This study was supported by the National Natural Science Foundation of China (31530079), Earmarked Fund for Modern Agro-industry Technology Research System (CARS-49), Scientific and Technological Innovation Project financially supported by the Qingdao National Laboratory for Marine Science and Technology (2015ASKJ02–03), Laboratory for Marine Fisheries Science and Food Production Processes, Qingdao National Laboratory for Marine Science and Technology (2017-2B07) and Shandong Provincial Natural Science Foundation of China (ZR2016DQ13). The funding body didn’t participate in the design of the study, collection, analysis and interpretation of data or in writing the manuscript.

Author information

GFZ made the contributions to conception and design major scientific objectives and contributed to reviewed/edited the manuscript. JM, CYL, TW and LL participated in oyster collection and acquisition of the resequencing data. KS, CYL, JM and AL contributed to data analysis. RHS, SL and BSL participated in phenotypic detection. JM wrote the manuscripts. HYQ have revised the manuscript. All authors read and approved the final version of the manuscript.

Correspondence to Li Li or Guofan Zhang.

Ethics declarations

Ethics approval and consent to participate

The Pacific oysters, C. gigas, used in this study were marine-cultured animal and were collected from a local farm in Qingdao, China. No specific permissions are required for the collection of oysters. All the experiments were conducted with approval from Experimental Animal Ethics Committee, Institute of Oceanology, Chinese Academy of Sciences, China and did not involve any endangered or protected species.

Consent for publication

Not applicable.

Competing interests

The authors declare that they have no competing interests.

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Additional files

Additional file 1:

Table S1 Sample information of Pacific oysters used in this study. (XLSX 10 kb)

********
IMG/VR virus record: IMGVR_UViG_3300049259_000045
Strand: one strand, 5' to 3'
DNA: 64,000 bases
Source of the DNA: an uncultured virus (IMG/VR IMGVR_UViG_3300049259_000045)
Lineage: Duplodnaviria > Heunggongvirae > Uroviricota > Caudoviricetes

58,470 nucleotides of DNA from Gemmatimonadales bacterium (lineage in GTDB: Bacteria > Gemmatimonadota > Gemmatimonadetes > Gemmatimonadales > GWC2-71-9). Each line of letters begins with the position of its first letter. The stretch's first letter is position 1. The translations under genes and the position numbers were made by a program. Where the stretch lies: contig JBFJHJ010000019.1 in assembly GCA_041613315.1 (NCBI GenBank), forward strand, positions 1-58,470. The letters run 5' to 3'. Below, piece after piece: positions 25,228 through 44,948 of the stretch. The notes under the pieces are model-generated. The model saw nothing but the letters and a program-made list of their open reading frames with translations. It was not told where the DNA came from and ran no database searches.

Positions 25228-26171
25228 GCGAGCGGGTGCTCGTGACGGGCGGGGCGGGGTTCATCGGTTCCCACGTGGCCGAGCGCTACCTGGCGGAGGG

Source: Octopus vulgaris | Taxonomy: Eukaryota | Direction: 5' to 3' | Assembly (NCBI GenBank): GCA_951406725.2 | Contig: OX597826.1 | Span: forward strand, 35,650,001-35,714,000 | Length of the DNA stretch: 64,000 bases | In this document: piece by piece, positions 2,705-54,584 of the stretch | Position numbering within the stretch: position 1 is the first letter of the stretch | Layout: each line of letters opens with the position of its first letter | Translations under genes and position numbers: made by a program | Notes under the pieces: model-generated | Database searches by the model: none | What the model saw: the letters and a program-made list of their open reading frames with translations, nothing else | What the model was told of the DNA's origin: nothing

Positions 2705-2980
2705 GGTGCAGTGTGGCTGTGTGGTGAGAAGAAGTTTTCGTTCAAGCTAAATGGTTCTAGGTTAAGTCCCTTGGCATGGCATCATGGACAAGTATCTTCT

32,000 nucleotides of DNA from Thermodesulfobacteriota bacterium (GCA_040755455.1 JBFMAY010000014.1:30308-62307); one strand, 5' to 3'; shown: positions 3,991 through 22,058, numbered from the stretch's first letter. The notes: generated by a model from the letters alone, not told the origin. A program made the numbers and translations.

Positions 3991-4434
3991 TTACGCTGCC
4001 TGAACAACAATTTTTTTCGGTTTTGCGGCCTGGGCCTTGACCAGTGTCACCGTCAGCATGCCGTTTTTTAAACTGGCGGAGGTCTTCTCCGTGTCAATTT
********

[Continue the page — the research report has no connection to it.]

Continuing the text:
Additional file 2:

Table S2 Summary of the results of whole-genome resequencing. (XLSX 11 kb)

Additional file 3:

Table S3 Four hundred and twenty-seven oysters collected from the world-wide scale and their phenotyping values, including the content of glycogen, protein, and 17 different amino acids. (XLSX 66 kb)

Additional file 4:

Table S4 Fold changes of different nutrient quality traits in 426 individuals. (XLSX 12 kb)

Additional file 5:

Table S5 Correlation analysis among different traits. Upper matrix indicates correlation value and lower matrix indicates significance (**P < 0.01, *P < 0.05). (XLSX 14 kb)

Additional file 6:

Table S6 Genome-wide significant association signals of quality traits in C. gigas using the compressed MLM model. (XLSX 65 kb)

Additional file 7:

Table S7 The significant SNP loci of glycogen contents with the genome-wide analysis for 288 individuals using the compressed MLM model. (XLSX 243 kb)

Additional file 8:

Table S8 The significant SNP loci of protein contents for the genome-wide analysis with 288 individuals using the compressed MLM model. (XLSX 250 kb)

Additional file 9:

Table S9 Link loci across different traits. (XLSX 33 kb)

Additional file 10:

Figure S1 Phylogenetic tree analysis of Pacific oysters using the whole-genome SNPs. C. angulata was used as the outgroup. (DOCX 141 kb)

Additional file 11:

Figure S2 F1 breeding methods of 427 individuals collected from the world-wide scale. The females collected were mated with the males cultured in Qingdao and generated 427 family lines. They were cultured in the same environment for approximately one year, and then 30 individuals in each family line were collected and used for phenotype measurement. (DOCX 124 kb)

Additional file 12:

Figure S3 Histogram of glycogen and amino acids content in oysters. All quality traits presented normal distribution, except for Met and Cys. X axis represents the value of different traits, whereas, the y axis represents number of individuals. (DOCX 235 kb)

Additional file 13:

Figure S4 Amino acid composition in all 427 individuals. (A) Among all detected amino acids. Glu and Tau accounted for 14 and 11% of TAA content, respectively, and they represent the amino acids with the highest content in C. gigas. (B) Among all detected amino acids, six DAA accounted for 41% of TAA content. (DOCX 692 kb)

Additional file 14: